The 1270P caliber – one of the latest, thinnest and a very beautiful automatic movement
In the beginnings, when I was young and inexperienced, I believed that automatic watches are a new thing, coming from the modern ages… I was terribly wrong! But then I started to discover watches older than me and much older than that with self-winding. The second surprise was the micro-rotor (explained later) – that I first discovered in Piaget some years ago and I thought to myself that is a good idea, at last, the modern miniaturization can find a solution for the big wing that covers almost half of the mechanism. And I was so wrong again, even worse than the first time. So I decided to find out a little bit more about it.
The automatic (self-winding) calibre permits the wounding of the mainspring through the motion of the wearer. This system makes possible that on a normal wear to skip the need of the manual winding and have enough energy in the spring for a continuous operation of the movement even if the watch is not used during the night or for a longer time (for those with great power reserve).
The history of the automatic / self-winding mechanism for watches is rich and since the first/true inventor is somehow hard to be recognized and the literature is vast I will give at the end some links and recommendations.
At the beginning of 1777, Abraham-Louis Perrelet used an oscillating weight mounted in a pocket watch (Montre a Secousses), with an up / down movement permitting a full winding in 15 minutes of walking. He later used this principle to invent the pedometer.
In the same period, Hubert Sarton presented another series of drawing based on the principle of a rotor, that seemed to be an improved version of Perrelet’s design.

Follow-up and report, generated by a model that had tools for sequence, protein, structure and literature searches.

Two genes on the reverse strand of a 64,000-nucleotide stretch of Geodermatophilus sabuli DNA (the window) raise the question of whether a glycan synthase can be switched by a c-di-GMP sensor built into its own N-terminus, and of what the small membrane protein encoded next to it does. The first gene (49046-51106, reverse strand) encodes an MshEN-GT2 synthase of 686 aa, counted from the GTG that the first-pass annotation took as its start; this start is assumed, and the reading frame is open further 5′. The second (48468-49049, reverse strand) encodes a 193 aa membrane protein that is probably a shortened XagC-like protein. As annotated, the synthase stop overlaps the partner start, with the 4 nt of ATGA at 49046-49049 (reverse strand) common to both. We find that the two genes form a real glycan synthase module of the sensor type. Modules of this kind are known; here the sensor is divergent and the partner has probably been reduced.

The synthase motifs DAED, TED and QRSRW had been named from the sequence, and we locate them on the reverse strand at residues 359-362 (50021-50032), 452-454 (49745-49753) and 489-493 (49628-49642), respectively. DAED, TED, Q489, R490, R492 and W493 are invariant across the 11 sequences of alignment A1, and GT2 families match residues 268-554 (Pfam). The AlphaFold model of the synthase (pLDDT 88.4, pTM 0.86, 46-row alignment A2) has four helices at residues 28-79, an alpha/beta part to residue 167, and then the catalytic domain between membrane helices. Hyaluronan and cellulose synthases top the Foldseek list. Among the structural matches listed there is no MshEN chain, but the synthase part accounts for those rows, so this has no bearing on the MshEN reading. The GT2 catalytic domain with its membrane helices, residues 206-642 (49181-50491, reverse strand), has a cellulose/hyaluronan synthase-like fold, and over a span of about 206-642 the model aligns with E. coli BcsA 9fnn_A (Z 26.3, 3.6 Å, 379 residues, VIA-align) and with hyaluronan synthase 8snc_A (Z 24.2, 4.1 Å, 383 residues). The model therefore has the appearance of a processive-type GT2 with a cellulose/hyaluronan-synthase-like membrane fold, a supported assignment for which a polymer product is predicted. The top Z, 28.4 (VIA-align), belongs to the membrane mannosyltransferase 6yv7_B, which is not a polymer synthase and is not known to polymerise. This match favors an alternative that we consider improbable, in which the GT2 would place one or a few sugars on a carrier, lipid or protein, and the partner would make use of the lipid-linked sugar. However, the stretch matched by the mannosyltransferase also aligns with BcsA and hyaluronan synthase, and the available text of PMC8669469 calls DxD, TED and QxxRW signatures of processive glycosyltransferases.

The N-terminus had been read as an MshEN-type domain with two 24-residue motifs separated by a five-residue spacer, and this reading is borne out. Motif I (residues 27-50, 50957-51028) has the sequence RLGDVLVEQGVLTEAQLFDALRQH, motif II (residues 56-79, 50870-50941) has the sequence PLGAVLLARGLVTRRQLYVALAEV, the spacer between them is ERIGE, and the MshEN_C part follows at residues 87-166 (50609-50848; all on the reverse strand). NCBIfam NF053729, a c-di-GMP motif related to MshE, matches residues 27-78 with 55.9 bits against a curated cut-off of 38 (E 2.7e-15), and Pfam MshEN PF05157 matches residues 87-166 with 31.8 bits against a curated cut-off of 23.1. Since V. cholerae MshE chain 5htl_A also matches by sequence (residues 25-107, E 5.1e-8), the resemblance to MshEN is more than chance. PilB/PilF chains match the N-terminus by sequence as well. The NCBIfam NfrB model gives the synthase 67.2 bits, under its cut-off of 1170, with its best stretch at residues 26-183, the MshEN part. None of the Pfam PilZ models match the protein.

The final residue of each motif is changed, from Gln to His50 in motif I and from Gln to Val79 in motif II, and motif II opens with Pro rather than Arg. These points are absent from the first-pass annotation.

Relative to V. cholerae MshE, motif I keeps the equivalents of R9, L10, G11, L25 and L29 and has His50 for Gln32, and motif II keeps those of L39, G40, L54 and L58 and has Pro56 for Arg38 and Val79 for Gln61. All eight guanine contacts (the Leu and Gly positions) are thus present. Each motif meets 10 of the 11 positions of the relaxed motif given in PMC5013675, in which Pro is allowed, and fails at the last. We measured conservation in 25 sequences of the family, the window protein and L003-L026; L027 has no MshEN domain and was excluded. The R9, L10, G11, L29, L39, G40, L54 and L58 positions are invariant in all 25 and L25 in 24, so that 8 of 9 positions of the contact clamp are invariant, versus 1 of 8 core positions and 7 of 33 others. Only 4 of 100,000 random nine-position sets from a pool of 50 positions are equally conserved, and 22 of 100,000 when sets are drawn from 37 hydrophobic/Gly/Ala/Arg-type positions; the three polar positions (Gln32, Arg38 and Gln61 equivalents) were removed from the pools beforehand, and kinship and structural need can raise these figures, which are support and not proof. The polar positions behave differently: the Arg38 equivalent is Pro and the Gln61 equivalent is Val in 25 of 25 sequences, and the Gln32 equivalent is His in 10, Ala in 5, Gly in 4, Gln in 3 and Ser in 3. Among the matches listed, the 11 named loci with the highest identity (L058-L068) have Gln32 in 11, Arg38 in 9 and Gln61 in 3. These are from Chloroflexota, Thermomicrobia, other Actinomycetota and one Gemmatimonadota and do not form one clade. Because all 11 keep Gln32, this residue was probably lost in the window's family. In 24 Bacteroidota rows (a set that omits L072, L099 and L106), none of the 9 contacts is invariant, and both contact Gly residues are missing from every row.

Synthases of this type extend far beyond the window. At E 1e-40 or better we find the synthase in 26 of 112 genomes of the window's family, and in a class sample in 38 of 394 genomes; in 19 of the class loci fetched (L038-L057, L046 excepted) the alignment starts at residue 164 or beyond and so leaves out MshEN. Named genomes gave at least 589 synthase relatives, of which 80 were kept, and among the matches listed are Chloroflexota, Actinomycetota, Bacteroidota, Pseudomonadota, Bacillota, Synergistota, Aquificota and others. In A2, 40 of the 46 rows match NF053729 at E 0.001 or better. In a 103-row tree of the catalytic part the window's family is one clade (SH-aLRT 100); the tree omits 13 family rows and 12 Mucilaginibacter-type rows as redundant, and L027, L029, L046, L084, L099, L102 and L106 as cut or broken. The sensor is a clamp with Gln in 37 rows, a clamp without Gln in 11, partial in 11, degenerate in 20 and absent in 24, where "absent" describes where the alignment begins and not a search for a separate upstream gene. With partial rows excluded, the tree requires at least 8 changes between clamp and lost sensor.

Abraham-Louis Breguet improved Perrelet’s design and used it in his pocket watches.
In 1922 Leroy (L. Leroy and Cie) created the first automatic wristwatch for Sir David Salomons. Unfortunately, I didn‘t find very much information about it.
In 1923 John Harwood patented an oscillating winding weight which contained at the ends spring-loaded buffers, the system being closer to what we know today (rotor look alike). This system was known as ‘bumper’ watches and it only wounded at a clockwise movement.
This design was used by several companies and is usually met in the 40’s and 50′ automatic movements of Omega, Eterna, Movado, Jaeger-LeCoultre, Fortis etc
In 1955 Universal Geneve integrated into the Calibre 215 the first of-centric planetary rotor, a micro-rotor. The brain behind the patent n.329805 was Charles Gérald Genta.
Universal Geneve Caliber 215 with the micro-rotor
Heuer Caliber 11 with Buren micro-rotor used in Heuer Monaco
Fortis F2001-5 Automatic Alarm Chronograph
Now, automatic movements are required more by the regular users and pushed the development even more by creating the Automatic Quartz – a hybrid – a quartz movement powered by a micro electric generator actuated by a classical rotor mechanism and a capacitor as an energy store. This solution combines the beauty of the mechanical rotor (many times visible through the crystal back) with the precision of the quartz resonator without the environmental issues of batteries. This type of movement is named Auto-quartz (name used including by ETA).
One of the first manufacturers was Seiko (Kinetic movement).
Seiko Kinetic 5M42 calibre
The automatic movements are in any version a nice to have featured in any watch especially when this is visible through the back or even from the front (aesthetic reasons).
Some are considering this a complication, others don’t, so I guess it is a matter of taste. For me this is the most important feature of a watch.